New York Times: When ‘Super PACs’ Become Lobbyists

Written by admin on December 2nd, 2012

The “super PACs” and secret-money groups that polluted this year’s election with hundreds of millions of dollars’ worth of largely ineffective attack ads are not slinking away in shame. Many are regrouping and raising more money for a task that is no less pernicious: lobbying Congress and the White House on behalf of their special-interest donors, using the new, anything-goes rules of super PACs to make their advocacy more powerful.

New York Times

Americans for Prosperity, the so-called social welfare group founded with the support of David and Charles Koch, spent at least $36 million this cycle in a largely fruitless attempt to defeat Democrats and elect Republicans. Now it is joining with other conservative groups to lobby Congress not to raise taxes in the current negotiations over the “fiscal cliff.” The group is also demanding there be no reduction or delay in the budget sequester, the widely loathed measure that, in January, will begin cutting $1 trillion in spending over a decade.

It will be joined in that effort by the Club for Growth, which spent $19 million to elect Republicans; by Americans for Tax Reform, led by Grover Norquist, which spent almost $16 million; and by the American Crossroads groups, founded by Karl Rove, which spent $175 million. None of the candidates Crossroads supported won their races, but, nonetheless, the groups are planning a new lobbying and advertising effort on the fiscal cliff, as well as energy and health care issues, according to Roll Call, the Capitol Hill newspaper.

It’s bad enough that these groups and their wealthy donors, many of them secret, missed the message of the election, in which voters rejected their stridency and supported policies like higher taxes on the rich. But by combining lobbying with lavish campaign donations, they are enhancing the danger of the unlimited-spending era.

Super PACs can use the threat of raising unlimited money for the purpose of electing or defeating a candidate far more effectively than old-fashioned trade associations. Corporations, unions and other interests now have two ways to pressure public officials. They can unleash an expensive advertising and lobbying campaign on an issue like taxes or military spending, and then they can threaten to pummel lawmakers in primary or general election campaigns if they don’t get their way. Business leagues like the United States Chamber of Commerce have been doing this for years, but the ease of opening super PACs makes it possible for a much larger group of moneyed players, from conservative to liberal, to join the game.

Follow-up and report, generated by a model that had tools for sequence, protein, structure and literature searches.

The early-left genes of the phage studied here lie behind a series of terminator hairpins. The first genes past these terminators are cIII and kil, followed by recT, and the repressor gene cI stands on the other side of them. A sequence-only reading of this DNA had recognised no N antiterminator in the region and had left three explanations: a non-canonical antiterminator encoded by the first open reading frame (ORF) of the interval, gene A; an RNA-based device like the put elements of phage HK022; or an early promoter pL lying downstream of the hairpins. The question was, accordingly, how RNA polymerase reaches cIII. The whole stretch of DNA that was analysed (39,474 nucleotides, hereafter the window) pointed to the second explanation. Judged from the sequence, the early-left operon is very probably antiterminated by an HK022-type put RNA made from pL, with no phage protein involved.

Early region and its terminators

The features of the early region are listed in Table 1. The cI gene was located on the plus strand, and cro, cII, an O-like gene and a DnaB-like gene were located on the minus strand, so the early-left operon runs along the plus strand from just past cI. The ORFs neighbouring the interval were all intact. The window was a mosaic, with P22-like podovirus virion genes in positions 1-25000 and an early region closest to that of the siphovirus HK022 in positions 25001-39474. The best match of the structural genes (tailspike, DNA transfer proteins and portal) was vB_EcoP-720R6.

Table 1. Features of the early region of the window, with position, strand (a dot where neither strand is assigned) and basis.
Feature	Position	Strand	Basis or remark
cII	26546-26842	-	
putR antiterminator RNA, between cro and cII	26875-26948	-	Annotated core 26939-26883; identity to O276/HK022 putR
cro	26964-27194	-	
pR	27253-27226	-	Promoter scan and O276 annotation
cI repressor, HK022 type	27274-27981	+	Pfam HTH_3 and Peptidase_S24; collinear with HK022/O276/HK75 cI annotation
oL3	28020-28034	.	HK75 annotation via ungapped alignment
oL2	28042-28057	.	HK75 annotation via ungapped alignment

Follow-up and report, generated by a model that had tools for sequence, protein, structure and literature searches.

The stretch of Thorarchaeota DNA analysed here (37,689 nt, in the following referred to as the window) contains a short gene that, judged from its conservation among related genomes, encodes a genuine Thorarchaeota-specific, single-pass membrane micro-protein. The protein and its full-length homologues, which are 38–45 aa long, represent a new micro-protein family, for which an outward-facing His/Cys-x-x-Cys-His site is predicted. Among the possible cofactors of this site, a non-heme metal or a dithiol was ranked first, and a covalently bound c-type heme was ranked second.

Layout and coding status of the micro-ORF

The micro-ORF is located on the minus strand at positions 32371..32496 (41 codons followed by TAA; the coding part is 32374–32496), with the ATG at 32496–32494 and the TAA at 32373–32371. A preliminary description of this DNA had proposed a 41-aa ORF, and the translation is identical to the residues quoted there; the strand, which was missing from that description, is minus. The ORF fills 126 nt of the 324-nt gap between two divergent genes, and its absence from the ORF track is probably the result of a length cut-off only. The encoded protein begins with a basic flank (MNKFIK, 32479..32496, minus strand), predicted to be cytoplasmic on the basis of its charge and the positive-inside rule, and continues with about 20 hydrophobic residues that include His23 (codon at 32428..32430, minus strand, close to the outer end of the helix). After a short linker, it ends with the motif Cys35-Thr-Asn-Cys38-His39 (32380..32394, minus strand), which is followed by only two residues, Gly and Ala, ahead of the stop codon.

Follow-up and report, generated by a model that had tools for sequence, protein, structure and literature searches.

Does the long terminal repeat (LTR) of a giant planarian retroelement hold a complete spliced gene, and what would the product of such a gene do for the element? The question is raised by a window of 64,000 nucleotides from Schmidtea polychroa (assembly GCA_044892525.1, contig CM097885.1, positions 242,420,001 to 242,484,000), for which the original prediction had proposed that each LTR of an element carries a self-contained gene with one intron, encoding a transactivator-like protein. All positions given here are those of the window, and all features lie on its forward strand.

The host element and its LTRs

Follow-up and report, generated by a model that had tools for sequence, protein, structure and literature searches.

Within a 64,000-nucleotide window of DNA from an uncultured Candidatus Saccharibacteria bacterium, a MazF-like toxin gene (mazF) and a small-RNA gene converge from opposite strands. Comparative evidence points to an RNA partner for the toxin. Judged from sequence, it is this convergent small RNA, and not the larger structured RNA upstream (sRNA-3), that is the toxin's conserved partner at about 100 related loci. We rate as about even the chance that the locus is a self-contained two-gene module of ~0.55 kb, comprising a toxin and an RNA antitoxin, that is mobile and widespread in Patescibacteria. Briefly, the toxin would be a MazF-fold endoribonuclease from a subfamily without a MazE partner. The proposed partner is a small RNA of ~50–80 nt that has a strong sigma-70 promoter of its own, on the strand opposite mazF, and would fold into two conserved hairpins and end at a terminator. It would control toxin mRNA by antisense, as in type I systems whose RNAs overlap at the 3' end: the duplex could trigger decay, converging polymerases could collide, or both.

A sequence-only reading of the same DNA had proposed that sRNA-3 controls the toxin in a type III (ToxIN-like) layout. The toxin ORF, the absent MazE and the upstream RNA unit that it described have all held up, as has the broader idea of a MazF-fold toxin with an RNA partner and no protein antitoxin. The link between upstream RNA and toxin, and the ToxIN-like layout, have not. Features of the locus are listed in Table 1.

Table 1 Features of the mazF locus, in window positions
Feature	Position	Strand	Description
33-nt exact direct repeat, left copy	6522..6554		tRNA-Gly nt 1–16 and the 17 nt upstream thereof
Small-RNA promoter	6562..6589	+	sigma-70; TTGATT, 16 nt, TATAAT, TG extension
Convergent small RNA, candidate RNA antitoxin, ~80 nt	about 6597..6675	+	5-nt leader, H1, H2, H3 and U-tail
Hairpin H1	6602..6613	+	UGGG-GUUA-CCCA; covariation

That’s why the National Association of Realtors formed a super PAC to praise lawmakers for supporting tax deductions for second homes. The American Dental Association has one, as does Mayor Michael Bloomberg of New York (promoting centrism) and the Gay and Lesbian Victory Fund.

Many of the social welfare groups need to spend money on lobbying to show the Internal Revenue Service that their primary purpose isn’t electing candidates, though those goals are so intertwined that the I.R.S. still needs to force those groups to disclose their donors. Short of a constitutional amendment prohibiting unlimited spending, Congress can counter these combined political and lobbying assaults by passing the Empowering Citizens Act, which gives individuals a chance to be heard.

 

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